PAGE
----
If it originated in the mere mercantile principle of self-love, which some philosophers have regarded as the root of nearly or quite all the regulations of society, its policy cannot be expected to be otherwise than exclusive. But if it came from benevolence, the fountain of justice, all unnecessary restraint upon the privileges of strangers must be contrary to its nature. So far as the law of aliens among the Hebrews is concerned, the preceding questions are easily answered. But it may not be amiss to examine the subject somewhat minutely, to discover not only the general principles, but also the practical application of them in the Jewish government. From the first, the Hebrew commonwealth maintained the most liberal policy towards foreigners.1 It would seem natural that two millions of slaves,2 bursting at once and with supernatural demonstrations from the tyranny of a race that held foreigners in abhorrence,8 would have excluded, most carefully, from sharing their conquests, all but their own nation,— especially their late task-masters. But at the outset, before the passage of the sea, Moses lays down the law on this subject in the language of comprehensive benevolence. He puts Hebrews and strangers, as a general rule, on an equal footing. "One law," says he, "shall be to him that is homeborn, and unto the stranger that sojourneth among you."4 This general maxim, relating more especially to the 1 Joscphus, contra Apion. II. 29, and Antiq. IV. ch. 8, sec. 21.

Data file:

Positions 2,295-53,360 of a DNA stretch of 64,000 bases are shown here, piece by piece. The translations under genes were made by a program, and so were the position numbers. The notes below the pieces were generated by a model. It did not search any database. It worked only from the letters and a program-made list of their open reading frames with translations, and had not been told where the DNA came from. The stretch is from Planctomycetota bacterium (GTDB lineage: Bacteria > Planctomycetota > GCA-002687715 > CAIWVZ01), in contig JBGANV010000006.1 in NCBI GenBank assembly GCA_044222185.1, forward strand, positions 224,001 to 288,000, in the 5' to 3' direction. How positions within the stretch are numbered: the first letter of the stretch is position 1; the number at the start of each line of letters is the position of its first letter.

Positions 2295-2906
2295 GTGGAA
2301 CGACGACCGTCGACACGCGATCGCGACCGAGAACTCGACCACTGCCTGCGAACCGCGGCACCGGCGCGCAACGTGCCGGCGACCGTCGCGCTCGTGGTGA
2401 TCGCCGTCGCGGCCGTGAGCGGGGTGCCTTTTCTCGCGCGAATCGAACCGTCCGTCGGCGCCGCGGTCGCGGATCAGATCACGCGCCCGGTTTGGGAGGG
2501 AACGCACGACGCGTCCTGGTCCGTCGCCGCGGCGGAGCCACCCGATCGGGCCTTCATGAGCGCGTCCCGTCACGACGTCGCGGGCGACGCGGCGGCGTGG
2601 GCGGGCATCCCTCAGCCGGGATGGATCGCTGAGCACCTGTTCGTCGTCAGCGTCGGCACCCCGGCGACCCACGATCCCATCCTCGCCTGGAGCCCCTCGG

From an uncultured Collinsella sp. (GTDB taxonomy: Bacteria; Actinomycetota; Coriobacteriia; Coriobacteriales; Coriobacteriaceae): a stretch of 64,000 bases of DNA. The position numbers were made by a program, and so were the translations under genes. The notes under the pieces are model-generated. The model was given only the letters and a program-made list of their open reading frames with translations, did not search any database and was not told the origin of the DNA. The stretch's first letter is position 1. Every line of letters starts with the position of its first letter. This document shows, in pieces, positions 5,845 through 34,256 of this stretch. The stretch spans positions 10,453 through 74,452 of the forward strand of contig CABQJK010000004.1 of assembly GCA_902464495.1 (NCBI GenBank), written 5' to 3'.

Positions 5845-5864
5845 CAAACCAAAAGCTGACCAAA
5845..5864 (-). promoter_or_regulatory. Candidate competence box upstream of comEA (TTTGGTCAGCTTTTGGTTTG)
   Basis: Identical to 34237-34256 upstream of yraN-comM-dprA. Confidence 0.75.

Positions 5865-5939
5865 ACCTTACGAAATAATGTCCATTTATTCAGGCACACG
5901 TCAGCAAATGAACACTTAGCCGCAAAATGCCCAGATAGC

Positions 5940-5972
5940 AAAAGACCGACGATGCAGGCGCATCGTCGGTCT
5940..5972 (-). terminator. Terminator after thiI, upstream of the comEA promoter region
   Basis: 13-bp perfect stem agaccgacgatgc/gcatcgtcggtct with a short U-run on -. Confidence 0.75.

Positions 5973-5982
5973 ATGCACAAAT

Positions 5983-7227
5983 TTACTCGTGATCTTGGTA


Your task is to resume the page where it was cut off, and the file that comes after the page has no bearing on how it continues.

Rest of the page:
1 At the first census, there were found to be 603,550 males over twenty years of age and able to go to war. The tribe of Levi was not numbered. Num. 1: 46, 47. 8 Gen. 43: 32. Herodotus, Euterpe, XLI.
* Ex. 12: 49. The same rule is stated in Num. 9: 14. 15: 15, 16. So, "No soul of you shall cat blood, neither shall any stranger that sojourneth among you eat blood," Lev. 17:12. So, of eating the flesh of animals dying of disease, or torn by beasts, Lev. 17:12,13,15. The same equal application was made of the laws of marriage, Lev. 18: 26; sacrifice to Molech, Ibid, and 20: 2; blasphemy, Lev. 24: 16 (Shelomith's son); Sabbath-breaking, Ex. 20: 10 and 23: 12; meddling with the Levitcs in the service of the tabernacle, Num. 1: 51. 3: 38. 16: 40. 18: 7; homicide's asylum, Num.35: 15; and atonement for sins of ignorance, Num. 15: 26 and 29. Lev. 16:29. The rule in the text is also reaffirmed in Lev. 24: 22: "Ye shall have one manner of law as well for the stranger as for one of your own country." So, Josephus, in Ap. 2.29.